That second bit proved important down the line as Arsenal would end up plucking Damage from a few years in obscurity following the cancellation of his book and recruit him for a new Titans team (and series) partially out of guilt for not being a better mentor. A tiny cosmetic change to Damage’s costume—giving him white pants to contrast his primarily purple top—made him really stand out visually in my eyes, and it seemed like the character was going places…but he never seemed to get there. Writer Devin Grayson never really seemed to find much to do with Grant during her tenure on Titans, and then wrote him out towards the end of her run with the revelation that his fake “father” had abused him as a child. To help Grant collect himself, Arsenal takes him to the Navajo reservation where he was raised in order to give him a safe place to rebuild; it was an interesting premise, but it never really went anywhere.
A couple years later, Geoff Johns began using Damage occasionally for cameos in the JSA books as a member of the unofficial “All-Star Squadron” team that formed during Our Worlds at War and later as part of the new Freedom Fighters. Grant only got a few lines here and there, but formed a neat bond with his real father’s godson, Atom-Smasher, and again seemed to be building a bit of momentum.
In the very first issue of Infinite Crisis, written by Johns, the Freedom Fighters got massacred by the evil Society, with Damage managing to survive but having his face horribly scarred by Zoom. Johns used this set-up to bring Grant into the JSA for real when the Justice Society of America series re-launched, albeit under a full face mask like his dad wore and with a new cynical and self-destructive attitude.
Damage ended up working his way towards a healthier outlook on life in the early issues of JSoA, thanks in large part to the newly-married Hourman and Liberty Belle taking a special interest in him (as Jesse Quick, Belle had actually been one of Damage’s teammates in the Titans). I remember chatting with Geoff on the phone once during the early days of JSoA and assuming that he was working towards some sort of love triangle between the three characters, but he emphatically told me that wasn’t in the cards and that he was far more interested in showing a genuine friendship among the trio; stuff like that, where Geoff zigs when anybody else would have done the clichéd zag, is part of what makes him such a talented fellow and why that first year and change of Justice Society of America was so special.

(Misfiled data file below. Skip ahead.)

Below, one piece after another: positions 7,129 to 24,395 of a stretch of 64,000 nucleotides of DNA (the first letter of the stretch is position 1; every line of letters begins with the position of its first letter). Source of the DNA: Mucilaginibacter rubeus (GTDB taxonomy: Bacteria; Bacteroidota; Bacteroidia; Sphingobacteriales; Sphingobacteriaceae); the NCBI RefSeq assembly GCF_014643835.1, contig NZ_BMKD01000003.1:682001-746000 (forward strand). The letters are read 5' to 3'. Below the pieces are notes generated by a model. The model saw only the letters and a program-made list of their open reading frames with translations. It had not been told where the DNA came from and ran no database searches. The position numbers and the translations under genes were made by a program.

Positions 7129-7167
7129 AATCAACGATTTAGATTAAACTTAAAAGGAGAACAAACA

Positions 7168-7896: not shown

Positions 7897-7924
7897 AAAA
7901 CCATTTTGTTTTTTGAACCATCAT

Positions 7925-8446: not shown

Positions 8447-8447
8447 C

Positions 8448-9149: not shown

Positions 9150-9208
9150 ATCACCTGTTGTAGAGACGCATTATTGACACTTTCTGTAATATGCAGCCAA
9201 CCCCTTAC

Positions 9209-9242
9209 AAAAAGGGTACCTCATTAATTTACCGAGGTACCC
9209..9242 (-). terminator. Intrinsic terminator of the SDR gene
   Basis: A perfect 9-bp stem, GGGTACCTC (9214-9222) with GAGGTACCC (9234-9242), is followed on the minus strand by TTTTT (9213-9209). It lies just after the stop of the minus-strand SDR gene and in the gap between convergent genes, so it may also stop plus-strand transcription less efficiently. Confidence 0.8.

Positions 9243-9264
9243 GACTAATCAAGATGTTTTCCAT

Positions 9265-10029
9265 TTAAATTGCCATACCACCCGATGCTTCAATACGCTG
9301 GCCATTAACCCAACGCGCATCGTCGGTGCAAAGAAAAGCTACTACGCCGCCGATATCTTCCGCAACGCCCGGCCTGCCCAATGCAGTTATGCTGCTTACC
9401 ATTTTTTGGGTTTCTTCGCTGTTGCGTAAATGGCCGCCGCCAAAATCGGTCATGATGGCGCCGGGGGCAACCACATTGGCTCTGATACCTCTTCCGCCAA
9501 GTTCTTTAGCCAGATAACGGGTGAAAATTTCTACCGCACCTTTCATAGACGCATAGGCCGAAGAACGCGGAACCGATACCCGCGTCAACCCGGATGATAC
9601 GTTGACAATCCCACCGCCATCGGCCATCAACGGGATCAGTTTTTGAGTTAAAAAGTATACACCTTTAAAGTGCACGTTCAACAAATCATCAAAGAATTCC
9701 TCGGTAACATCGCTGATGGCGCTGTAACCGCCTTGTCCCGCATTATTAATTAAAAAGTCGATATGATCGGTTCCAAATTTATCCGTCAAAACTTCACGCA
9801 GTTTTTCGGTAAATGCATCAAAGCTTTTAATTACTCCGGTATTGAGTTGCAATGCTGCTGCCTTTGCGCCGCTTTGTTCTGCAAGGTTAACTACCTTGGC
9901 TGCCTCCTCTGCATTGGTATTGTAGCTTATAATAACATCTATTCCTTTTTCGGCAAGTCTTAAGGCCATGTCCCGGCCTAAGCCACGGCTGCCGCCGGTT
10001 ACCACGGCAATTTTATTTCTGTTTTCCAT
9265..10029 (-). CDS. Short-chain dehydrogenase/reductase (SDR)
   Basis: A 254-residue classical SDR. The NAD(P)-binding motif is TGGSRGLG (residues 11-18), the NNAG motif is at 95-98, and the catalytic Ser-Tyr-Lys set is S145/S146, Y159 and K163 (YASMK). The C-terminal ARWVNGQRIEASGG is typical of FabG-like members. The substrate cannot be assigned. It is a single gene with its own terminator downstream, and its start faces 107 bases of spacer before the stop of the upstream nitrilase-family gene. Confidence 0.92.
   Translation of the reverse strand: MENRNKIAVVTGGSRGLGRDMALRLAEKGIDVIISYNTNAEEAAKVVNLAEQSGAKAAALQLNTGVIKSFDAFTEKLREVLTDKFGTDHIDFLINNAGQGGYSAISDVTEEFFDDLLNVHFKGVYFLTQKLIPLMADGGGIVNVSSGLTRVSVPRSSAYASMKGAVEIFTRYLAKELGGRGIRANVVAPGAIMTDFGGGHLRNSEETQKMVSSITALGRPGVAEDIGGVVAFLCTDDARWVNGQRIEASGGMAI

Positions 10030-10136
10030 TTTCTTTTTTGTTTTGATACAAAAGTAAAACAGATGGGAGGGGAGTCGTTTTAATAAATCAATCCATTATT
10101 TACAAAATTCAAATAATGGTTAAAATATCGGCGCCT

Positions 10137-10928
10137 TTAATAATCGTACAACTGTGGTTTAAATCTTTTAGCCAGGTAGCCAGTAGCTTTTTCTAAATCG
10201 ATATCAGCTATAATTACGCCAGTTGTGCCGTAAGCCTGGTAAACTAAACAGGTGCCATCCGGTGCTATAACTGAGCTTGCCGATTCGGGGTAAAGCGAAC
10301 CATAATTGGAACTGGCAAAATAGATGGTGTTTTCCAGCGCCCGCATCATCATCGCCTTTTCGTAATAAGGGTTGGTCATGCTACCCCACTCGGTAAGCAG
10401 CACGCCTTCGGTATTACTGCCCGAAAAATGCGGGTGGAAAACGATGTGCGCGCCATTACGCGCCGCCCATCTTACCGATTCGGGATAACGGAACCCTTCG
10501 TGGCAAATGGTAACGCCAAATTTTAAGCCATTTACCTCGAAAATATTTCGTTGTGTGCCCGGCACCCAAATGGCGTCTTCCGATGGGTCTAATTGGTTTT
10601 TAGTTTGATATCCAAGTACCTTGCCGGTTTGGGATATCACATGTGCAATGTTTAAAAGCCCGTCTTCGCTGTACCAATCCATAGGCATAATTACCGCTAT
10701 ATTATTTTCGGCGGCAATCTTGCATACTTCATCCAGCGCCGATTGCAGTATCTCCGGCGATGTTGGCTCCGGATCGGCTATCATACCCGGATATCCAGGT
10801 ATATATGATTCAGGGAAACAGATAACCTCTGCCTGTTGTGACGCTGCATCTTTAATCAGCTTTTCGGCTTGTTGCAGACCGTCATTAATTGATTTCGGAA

Over the course of JSoA’s Johns-written era, Damage would undergo many trials and milestones, including a rematch with Zoom, temptation by Gog, and a challenging romance with non-English-speaking Judomaster. After 15 years of wandering through the DC Universe, it seemed Grant Emerson had finally found a nice little niche.
So of course when he had his heart ripped out by Jean Loring during Blackest Night—written by Geoff Johns, no less—I sighed a little sigh.
Fun fact: I’ve never gotten anywhere near close to finishing it to the point where I’d want to really share it with anybody, but I actually have a half-completed Damage script set around the start of Justice Society of America sitting on my desktop. It was born out of the bug I get every so often to try my hand at actually writing comics—it typically doesn’t last long—and another conversation with Geoff, this time about how to construct a comic script. I’ve only attempted that feat a couple times over the course of my life and never made it to the end, but Damage is the one I’ve come closest with. I’d rather not say anymore, because who knows, maybe someday…
(Another fun fact: the above gorgeous black and white piece by Dale Eaglesham is one I had a role in commissioning as it was for a Justice Society sketchbook Geoff and I pitched to Wizard when the series kicked off)
Damage was never really among my very favorites or even a guy I’d likely pick in my top 30, but there was still something about him that stood out. He was a character who provided some impressively memorable moments during his uneven 15-year existence and likely had a lot more potential than ever got used, so here’s to ya, pal; if you get resurrected in All-Stars next month, I will still feel this post was somewhat worthwhile.